It isn‚Äôt just the children. Their parents make huge sacrifices too. Racing at this level is not cheap and coming by sponsors‚Ä¶ well it is easier to find an oasis in the desert. Besides money, they also need to take time out from their busy schedules. Bohra had flown in from Chennai, just in time to watch Nikhil begin the first heat of the final round that was being held at the Meco Kartopia Track in Bangalore. Shahan‚Äôs father has to juggle race weekends and his shoe manufacturing business. ‚ÄúMy father steps in for me while I‚Äôm away with Shahan‚ÄĚ Shahroo says, sounding grateful for the support from his family.
Besides the trophies and accolades, these young karters learn a whole lot more from racing. They are focussed, determined, disciplined and begin developing sportsmanship from a young age. They know what it‚Äôs like to win but more importantly know how to tackle defeat. They know they can bounce back. Yes, they have a lot more self-confidence than an
Racing, it would also appear, has obvious benefits within the family. Speaking to Shahan, Ruhaan and Nikhil‚Äôs fathers, I could sense how happy they felt about getting time to spend with their kids. They talk a lot more, discuss the races and the life lessons they learnt that weekend. Shahan‚Äôs father says, ‚ÄúThe races have helped my friendship with my son.‚ÄĚ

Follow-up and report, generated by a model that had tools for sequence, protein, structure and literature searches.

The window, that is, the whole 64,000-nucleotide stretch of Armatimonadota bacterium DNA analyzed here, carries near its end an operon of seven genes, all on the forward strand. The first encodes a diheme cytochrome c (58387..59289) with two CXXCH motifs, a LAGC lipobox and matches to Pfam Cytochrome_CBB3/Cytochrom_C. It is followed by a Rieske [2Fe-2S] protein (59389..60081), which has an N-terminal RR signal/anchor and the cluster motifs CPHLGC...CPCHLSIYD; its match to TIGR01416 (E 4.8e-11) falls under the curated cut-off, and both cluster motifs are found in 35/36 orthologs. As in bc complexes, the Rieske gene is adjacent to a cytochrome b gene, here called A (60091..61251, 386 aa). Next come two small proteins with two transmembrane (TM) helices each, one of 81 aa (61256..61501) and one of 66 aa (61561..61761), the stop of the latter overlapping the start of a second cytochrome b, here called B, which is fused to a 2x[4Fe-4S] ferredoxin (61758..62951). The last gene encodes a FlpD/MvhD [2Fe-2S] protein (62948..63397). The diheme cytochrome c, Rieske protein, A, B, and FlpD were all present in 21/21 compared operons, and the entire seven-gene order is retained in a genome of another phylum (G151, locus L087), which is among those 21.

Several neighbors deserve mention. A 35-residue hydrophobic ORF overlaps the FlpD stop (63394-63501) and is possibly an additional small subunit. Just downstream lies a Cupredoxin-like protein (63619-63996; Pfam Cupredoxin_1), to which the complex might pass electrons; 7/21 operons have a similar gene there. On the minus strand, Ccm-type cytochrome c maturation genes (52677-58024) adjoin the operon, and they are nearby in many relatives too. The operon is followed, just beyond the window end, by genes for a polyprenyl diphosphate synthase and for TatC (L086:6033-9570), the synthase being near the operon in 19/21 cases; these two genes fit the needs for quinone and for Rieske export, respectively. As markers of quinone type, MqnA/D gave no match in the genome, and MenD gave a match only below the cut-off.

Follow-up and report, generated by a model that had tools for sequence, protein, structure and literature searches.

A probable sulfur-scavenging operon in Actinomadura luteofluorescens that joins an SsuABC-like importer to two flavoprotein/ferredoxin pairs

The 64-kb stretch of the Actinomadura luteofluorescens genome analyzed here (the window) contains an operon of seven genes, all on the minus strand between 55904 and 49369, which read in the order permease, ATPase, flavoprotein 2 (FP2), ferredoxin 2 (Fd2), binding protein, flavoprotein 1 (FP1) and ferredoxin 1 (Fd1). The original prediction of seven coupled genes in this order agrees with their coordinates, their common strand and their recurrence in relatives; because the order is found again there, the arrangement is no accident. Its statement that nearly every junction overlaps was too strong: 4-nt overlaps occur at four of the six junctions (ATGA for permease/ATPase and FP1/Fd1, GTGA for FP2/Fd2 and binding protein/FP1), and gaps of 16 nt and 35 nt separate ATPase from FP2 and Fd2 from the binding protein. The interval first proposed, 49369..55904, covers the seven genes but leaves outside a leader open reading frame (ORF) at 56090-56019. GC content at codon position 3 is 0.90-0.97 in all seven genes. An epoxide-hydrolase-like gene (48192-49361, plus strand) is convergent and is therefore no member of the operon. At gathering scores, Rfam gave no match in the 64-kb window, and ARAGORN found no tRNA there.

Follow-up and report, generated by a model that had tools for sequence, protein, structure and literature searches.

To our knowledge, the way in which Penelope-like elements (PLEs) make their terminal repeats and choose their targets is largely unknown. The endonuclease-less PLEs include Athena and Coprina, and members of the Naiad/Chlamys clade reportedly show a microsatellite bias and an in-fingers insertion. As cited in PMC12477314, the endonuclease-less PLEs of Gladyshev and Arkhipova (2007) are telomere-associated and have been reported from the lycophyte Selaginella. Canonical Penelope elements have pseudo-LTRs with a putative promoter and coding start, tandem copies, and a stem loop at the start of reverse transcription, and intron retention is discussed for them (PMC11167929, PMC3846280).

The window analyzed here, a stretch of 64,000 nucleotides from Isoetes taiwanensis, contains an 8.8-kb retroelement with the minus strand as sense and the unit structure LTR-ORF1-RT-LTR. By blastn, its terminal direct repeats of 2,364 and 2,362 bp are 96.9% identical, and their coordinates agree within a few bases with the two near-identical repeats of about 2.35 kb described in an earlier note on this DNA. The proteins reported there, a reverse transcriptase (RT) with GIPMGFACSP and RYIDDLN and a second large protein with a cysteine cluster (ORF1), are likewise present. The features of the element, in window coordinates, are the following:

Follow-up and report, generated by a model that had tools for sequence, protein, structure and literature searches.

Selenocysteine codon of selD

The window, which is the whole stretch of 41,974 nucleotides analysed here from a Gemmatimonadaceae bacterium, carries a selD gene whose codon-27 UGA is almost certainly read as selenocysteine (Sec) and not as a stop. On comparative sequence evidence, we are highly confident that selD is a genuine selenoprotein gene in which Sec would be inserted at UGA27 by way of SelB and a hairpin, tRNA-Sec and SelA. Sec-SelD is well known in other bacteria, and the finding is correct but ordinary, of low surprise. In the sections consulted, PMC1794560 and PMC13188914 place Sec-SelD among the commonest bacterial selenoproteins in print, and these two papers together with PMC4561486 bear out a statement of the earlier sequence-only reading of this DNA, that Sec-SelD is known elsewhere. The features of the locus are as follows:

Motorsport has definitely brought everyone closer. In fact, Bunty Bohra, before every race, ritualistically forms a circle with his kids (Nikhil and his youngerbrother Akshay Bohra who also competes in the Micro Max Category) where they hold hands and make a promise to have fun, learn, do their best and kick ass. The kids enjoy this and Bohra feels more connected to them.
As far as future plans go, none of the parents are even thinking about Formula 1. They say that they are going to go step-by-step and are happy as long as their kids are enjoying what they‚Äôre doing.
Michael Schumacher was four when his father put him in a kart. At age six, he won his first club championship. These kids have begun their racing careers at a young age too. They have the urge to learn. They have the skills to compete. Racing in the upper echelons of motorsport will definitely take a toll on them and their parents. We can only hope that they find the right kind of support in the future, for it‚Äôs these kids that could take Indian motorsport to¬†greater heights.